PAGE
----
Home   /   Partners   /   Uzbekistan

Uzbekistan

Image Mosque2

The Republic of UzbekistanFlag Uzbekistan

Uzbekistan is the only doubly landlocked country in Central Asia and has borders with the other four Central Asian countries plus Afghanistan to the south. Uzbekistan has an area of almost 450,000 km2, mostly covered by a vast desert and mountains. Less than 10% of its territory is irrigated and intensively cultivated in river valleys and oases.

Uzbekistan proclaimed independence from the collapsing Soviet Union on 1 September, 1991. The country has a population of 30 million, most of whom (80%) are ethnic Uzbeks. The literacy rate among adults is 99.3%. The first elections of the Oliy Majlis (Parliament) were held in 1994 and a new constitution was passed in 2003. The third elections for the bicameral 150-member Oliy Majlis — the Legislative Chamber and the 100-member Senate — were held in December 2009 The Oliy Majlis was unicameral up to 2004. Under terms of a 1995 referendum, Islam Karimov’s first presidential term was extended. Another national referendum was held in 2002 to extend the Constitutional Presidential term from 5 years to 7 years. The referendum passed, and Islam Karimov’s term was extended by an act of parliament to December 2007.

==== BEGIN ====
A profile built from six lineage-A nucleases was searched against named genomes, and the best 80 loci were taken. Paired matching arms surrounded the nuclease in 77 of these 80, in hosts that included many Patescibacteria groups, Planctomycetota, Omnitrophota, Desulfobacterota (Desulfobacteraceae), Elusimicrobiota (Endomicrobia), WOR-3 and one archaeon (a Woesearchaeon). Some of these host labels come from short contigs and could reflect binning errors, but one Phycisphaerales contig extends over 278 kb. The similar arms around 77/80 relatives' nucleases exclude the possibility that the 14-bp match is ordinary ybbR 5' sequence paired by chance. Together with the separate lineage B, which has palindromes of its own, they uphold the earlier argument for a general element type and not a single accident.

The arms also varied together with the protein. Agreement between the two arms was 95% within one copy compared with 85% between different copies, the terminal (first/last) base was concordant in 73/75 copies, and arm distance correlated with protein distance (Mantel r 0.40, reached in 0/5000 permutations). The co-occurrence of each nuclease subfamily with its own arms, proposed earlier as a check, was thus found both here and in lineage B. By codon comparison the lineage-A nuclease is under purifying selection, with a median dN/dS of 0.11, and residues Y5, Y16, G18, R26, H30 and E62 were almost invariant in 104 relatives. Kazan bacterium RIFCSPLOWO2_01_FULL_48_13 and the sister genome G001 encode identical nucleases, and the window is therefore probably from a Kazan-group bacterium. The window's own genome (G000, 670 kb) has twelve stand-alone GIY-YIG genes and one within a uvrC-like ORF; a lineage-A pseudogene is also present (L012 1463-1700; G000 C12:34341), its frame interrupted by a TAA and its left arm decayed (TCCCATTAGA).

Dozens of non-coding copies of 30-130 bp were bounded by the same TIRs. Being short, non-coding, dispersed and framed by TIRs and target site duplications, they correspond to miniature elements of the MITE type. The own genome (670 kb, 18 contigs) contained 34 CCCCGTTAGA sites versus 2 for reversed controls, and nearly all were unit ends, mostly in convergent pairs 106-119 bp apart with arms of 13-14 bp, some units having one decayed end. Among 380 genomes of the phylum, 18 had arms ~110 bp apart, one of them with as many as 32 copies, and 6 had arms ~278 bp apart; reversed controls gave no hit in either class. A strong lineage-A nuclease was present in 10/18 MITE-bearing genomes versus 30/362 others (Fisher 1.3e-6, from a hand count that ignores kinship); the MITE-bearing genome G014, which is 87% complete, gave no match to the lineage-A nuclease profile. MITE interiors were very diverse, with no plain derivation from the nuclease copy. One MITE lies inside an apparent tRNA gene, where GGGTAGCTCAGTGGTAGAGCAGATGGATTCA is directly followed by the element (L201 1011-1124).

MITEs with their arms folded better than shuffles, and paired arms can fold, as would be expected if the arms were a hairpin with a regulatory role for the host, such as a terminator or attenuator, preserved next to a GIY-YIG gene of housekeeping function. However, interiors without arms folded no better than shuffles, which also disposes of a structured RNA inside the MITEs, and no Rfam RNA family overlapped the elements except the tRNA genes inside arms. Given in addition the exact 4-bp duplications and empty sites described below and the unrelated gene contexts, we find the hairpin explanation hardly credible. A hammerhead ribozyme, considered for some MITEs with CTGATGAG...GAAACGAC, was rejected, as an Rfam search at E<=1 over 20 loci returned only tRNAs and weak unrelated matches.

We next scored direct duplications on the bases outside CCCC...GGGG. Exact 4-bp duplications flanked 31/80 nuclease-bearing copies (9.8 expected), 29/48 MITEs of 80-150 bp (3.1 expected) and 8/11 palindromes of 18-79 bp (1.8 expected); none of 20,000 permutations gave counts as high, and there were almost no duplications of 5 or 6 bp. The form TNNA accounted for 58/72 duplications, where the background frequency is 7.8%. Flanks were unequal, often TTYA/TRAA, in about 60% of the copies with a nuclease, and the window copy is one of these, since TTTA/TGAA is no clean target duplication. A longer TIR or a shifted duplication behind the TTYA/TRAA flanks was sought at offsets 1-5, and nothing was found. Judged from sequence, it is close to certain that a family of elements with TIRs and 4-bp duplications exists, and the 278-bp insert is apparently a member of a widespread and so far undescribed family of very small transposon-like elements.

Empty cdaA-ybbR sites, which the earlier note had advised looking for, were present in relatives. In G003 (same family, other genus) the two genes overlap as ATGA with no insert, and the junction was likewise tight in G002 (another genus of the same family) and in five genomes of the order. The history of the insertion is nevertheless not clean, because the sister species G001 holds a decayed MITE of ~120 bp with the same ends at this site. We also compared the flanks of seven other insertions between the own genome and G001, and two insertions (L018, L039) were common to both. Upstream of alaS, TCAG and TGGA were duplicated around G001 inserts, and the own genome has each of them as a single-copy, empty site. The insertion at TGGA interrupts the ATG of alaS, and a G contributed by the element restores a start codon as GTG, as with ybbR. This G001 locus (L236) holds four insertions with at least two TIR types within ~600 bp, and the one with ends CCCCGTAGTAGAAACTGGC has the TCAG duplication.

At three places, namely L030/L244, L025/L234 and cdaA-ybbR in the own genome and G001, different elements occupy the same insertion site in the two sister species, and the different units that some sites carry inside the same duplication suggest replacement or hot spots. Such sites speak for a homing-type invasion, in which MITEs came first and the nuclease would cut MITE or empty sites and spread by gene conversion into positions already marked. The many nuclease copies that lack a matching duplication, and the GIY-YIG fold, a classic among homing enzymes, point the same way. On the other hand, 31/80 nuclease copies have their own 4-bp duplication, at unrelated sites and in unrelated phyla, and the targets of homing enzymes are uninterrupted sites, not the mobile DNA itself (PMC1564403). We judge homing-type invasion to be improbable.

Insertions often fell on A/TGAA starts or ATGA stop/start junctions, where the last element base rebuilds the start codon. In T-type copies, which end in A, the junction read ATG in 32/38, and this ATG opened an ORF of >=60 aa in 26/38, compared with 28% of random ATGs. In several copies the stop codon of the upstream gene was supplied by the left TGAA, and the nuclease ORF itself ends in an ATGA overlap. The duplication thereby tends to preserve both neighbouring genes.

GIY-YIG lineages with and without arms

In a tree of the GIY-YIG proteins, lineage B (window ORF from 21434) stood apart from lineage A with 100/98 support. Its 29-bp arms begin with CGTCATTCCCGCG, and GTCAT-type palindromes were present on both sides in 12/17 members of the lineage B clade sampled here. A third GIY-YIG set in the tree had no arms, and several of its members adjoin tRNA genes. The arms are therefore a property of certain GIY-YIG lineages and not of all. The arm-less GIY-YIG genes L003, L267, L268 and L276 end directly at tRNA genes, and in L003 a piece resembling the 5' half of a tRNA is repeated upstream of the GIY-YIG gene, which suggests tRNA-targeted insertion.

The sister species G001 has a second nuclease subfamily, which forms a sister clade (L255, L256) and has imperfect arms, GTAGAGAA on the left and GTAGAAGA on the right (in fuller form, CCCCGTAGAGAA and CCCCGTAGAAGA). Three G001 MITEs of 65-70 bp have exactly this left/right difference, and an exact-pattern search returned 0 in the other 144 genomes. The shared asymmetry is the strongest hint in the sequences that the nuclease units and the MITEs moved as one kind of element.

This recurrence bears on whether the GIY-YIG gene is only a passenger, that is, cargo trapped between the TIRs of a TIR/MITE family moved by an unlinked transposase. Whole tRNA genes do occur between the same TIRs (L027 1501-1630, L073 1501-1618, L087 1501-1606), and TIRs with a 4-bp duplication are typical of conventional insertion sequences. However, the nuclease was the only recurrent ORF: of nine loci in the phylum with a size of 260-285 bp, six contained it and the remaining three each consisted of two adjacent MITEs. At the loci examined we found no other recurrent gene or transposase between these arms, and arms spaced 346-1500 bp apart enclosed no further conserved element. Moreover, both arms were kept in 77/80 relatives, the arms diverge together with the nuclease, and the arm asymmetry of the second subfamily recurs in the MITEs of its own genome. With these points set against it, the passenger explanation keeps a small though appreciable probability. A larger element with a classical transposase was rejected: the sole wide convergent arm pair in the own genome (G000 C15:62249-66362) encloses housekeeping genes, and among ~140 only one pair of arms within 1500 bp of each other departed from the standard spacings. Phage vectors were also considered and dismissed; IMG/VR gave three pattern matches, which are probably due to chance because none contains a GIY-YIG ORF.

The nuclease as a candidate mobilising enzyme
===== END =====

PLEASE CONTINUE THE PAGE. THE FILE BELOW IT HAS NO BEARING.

Uzbekistan and the EU

Relations between the European Union and Uzbekistan have been developing steadily since independence of Uzbekistan in 1991. Initially the focus was primarily on development cooperation. However, the signing of the Partnership and Cooperation Agreement (PCA) in 1996 which entered into force in 1999 allowed for a broadening of bilateral relations by creating an institutional framework and expanding the scope of cooperation from development to political affairs, trade and economic issues, matters of human and social development, amongst others.

Since 2011, the opportunities for advancing bilateral relations have further increased, as the EU and Uzbekistan signed a Memorandum of Understanding on cooperation in the field of energy and the EU established its diplomatic representation in Tashkent in 2012.